From pirates and smugglers to surfers and sailors, the fact that Cornwall is practically surrounded by water is key to both the identity of the place and the people that live here.
Each year with so many locals and visitors heading to the beaches and coastline and entering Cornwall’s waters, their protection and safety have always been important and is marked by the county’s number of lifeboat stations and staff.
The crews come from all walks of life but they share one important thing, they are never far away and they are always on hand to drop everything and rescue lives.
Home to 12 lifeboat stations, Cornwall’s at-sea rescue services are second-to-none and the largest fleet in any county in the UK.
What better way to enjoy an interesting day out than to take a glimpse into the operations of the servicemen and women whose role is to guard and rescue than by visiting a lifeboat station?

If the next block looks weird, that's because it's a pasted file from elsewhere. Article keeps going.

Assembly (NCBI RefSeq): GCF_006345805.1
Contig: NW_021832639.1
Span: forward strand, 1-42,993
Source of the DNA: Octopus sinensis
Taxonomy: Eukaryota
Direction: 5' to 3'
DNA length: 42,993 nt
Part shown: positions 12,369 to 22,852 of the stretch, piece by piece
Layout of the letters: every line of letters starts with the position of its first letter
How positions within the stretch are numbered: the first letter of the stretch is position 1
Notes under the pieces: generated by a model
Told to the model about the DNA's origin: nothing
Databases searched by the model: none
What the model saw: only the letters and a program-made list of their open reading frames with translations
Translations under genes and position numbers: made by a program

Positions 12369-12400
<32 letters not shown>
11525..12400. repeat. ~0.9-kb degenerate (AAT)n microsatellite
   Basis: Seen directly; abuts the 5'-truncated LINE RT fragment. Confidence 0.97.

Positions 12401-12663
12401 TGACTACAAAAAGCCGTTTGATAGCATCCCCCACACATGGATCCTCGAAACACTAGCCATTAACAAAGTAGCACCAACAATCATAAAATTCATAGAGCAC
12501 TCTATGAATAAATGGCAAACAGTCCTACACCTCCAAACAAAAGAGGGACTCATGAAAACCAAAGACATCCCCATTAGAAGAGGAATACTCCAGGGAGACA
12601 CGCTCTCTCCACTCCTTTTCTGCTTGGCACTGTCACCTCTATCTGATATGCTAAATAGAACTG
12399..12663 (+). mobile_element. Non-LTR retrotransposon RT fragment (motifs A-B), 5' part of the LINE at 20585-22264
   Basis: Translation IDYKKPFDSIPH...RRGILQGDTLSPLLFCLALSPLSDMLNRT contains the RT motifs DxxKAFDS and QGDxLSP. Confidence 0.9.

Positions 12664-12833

So a couple of weeks ago on a gorgeous autumn morning we headed over to Falmouth. Chris Spink greeted us and gave us a brilliant tour around the station. There are two lifeboats, the smaller in-shore stored inside the station and the amazing all-weather lifeboat which is moored alongside the station's pontoon, alowing 24 hour access at any state of the tide. The highlight was wandering around the all-weather lifeboat, it really was a treat! Here's Liz at the helm.
This whole tour was so interesting and it just highlighted the dangers and difficulties that these brave men and women of the RNLI do everyday and mostly voluntarily. The RNLI is funded totally from public donations.
So info for a day out on your next visit to Callestock -
Falmouth Lifeboat Station is situated on Tinners Walk just along from Discovery Quay, visitors can relish a guided tour of the boathouse and lifeboat itself, before perusing its extensively stocked gift shop. Meander ten minutes along the harbour for the National Maritime Museum and complete your coastal-themed day out with a local boat tour or spot of sea fishing.